A Cripple's Dance
A story and Project by Gabriel Rodreick
Photography and marketing by trista marie photography
A Cripple’s Dance is a music and dance performance expressing Gabriel Rodreick’s desire to move, dance, and reconnect with his body post spinal cord injury.
"A Cripple's Dance" premieres at the Cedar Cultural Center on Sunday December 16th. It’s funded by the Artist Initiative Grant from the Minnesota State Arts Board. To create the pieces in the performance, Gabriel has collaborated with dancers from Ananya Dance and Zenon Dance, musicians from 26 Bats!, and a friend who also has a spinal cord injury but still does a lot of dance.
Pictured: Gabriel Rodreick with dancers Leila Awadallah, Emma Marlar, and Laura Osterhaus
Gabriel: The story, the music, the dance
"On July 6th 2008, at 15 years old, I broke my C5 vertebrae in a freak diving accident. I lost the ability to move and feel the majority of my body. I can no longer play the piano like I used to, I can’t move and dance in the ways that I would like, even singing (my main instrument now) is a struggle to do with a weak diaphragm, very little abdominal control, scoliosis, and kyphotic posture.
“A Cripple’s Dance” has become a way to tell the story of my injured spine, and all that comes along with it. Through music, dance, and words, we’ll be telling the story of a longing for deeper breath. The story of care and support, and the involvement of letting/pushing the person who needs care to take risks and face the dangers of life. The story of anger and how it can be used to unearth yourself from oppressive structures. The story of balancing a need for solitude and community. The story of accepting life as it is while simultaneously accepting that you can long and desire for more out of this life. This is the story of a Cripple who wants to Dance.
"There is no feeling in the world like sitting down at a 100-year old stand up grand piano. Placing your fingers delicately upon the smooth beat up keys, and giving up your pain and sorrow to the sounds that burst through the aged mahogany. Pressing and weaving your fingers through a dancing community of black and white, I could sit for hours without a sheet of music or a memorized song, and let my heart beat through my fingers. I lost the ability to do this in 2008. The absence of the piano in my life left a looming silence in my life. I was lost. Three years later I made my way back to music.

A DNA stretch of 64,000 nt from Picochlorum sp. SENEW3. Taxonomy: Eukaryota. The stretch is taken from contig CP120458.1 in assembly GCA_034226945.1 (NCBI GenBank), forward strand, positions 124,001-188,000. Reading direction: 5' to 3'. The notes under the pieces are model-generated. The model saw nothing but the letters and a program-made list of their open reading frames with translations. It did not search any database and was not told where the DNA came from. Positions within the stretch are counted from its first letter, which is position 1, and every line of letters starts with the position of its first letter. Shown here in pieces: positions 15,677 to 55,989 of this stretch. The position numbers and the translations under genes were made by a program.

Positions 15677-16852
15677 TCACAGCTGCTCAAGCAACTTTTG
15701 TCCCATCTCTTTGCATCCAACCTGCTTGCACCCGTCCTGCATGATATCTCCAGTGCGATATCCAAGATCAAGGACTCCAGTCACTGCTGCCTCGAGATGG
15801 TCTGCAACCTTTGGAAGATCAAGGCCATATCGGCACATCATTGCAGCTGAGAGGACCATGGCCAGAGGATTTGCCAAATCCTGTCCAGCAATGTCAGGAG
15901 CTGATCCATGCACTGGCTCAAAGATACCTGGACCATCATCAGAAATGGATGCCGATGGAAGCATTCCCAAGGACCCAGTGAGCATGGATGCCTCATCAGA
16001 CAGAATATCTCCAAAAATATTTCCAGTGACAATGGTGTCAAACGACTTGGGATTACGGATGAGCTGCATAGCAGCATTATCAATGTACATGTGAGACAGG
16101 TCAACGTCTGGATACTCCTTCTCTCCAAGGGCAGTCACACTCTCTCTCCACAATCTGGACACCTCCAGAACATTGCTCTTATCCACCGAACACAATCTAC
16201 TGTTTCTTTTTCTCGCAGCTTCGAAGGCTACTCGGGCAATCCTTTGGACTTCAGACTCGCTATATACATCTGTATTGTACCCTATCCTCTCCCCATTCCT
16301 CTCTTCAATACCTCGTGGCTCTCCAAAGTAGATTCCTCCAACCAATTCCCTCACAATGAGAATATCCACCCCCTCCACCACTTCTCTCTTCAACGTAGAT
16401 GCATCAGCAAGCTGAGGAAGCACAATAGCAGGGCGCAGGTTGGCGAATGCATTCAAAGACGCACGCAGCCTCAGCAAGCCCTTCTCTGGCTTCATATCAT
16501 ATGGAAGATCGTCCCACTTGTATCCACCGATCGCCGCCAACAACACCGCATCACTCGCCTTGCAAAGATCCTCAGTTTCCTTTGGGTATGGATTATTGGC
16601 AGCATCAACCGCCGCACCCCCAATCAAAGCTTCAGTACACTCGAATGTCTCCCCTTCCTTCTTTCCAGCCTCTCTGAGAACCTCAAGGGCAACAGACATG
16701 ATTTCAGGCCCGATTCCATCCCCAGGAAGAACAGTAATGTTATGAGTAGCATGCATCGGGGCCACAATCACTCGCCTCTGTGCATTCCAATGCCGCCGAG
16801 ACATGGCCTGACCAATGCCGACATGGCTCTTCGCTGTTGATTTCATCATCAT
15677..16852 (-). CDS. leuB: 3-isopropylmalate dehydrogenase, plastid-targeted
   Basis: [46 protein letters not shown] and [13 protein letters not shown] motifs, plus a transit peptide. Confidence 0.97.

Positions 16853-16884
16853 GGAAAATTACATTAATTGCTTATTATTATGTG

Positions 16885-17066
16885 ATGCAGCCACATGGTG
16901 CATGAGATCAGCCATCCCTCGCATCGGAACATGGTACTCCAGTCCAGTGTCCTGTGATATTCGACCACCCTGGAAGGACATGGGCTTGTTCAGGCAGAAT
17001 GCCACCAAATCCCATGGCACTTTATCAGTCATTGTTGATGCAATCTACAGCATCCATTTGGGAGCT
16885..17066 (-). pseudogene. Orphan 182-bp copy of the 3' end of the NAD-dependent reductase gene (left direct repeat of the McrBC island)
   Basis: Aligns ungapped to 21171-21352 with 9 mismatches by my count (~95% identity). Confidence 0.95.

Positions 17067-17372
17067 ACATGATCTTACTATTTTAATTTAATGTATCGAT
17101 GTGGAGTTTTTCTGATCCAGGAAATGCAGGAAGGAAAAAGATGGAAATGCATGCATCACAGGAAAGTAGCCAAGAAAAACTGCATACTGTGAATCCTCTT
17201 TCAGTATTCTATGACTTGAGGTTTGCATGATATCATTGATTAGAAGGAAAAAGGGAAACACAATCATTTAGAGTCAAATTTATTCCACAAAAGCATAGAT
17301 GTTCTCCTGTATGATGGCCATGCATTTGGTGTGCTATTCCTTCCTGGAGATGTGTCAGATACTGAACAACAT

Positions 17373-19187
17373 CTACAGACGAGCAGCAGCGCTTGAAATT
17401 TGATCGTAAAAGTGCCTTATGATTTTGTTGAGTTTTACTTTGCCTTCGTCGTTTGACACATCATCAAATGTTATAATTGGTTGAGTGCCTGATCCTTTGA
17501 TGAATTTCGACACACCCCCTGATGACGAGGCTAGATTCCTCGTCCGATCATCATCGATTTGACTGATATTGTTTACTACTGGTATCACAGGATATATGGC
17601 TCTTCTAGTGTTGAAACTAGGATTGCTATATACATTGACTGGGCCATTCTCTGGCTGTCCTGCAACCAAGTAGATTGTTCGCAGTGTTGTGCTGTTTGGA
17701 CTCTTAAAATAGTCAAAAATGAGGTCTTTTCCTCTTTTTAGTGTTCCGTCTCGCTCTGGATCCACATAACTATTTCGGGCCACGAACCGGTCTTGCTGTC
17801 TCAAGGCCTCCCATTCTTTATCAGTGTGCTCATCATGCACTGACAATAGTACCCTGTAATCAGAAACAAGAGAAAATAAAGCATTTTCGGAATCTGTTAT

When I found it again I was able to put all my anger, sadness and grief into something positive that provokes growth. I dropped out of MCTC and started a project called Treading North. We played together for about 5 years before going on an undetermined hiatus. After parting ways I began to realize that I’d been stewing in a sort of grief stew since my injury and “A Cripple’s Dance” is shaping up to be the project where all that emotional work pays off. Don’t get me wrong, I love my music as it is, but nothing will ever compare to sitting down at a piano."
"This project has been my first exploration into collaborative dance.
Working with Kelvin Wailey, Angelique Lele, and Jeremiah Soup has been a revelational experience. Their creative processes are so deep and expansive, it’s challenged me to look at my own work more intensely.
I’ve learned that dance has the ability to reach inside you and pull things out of you that you thought only existed in your mind. Trauma manifests in the body and dance can loosen that trauma.
Throughout this project, I’ve connected with my body and other people’s bodies more than I ever have since my injury. It’s been a very awkward process opening my body up to expressing myself through movement with a body that doesn’t move volitionally very much - but change is always uncomfortable. I’m leaving the river and being pushed into the sea, and I’ve never been more excited to share and build a creation."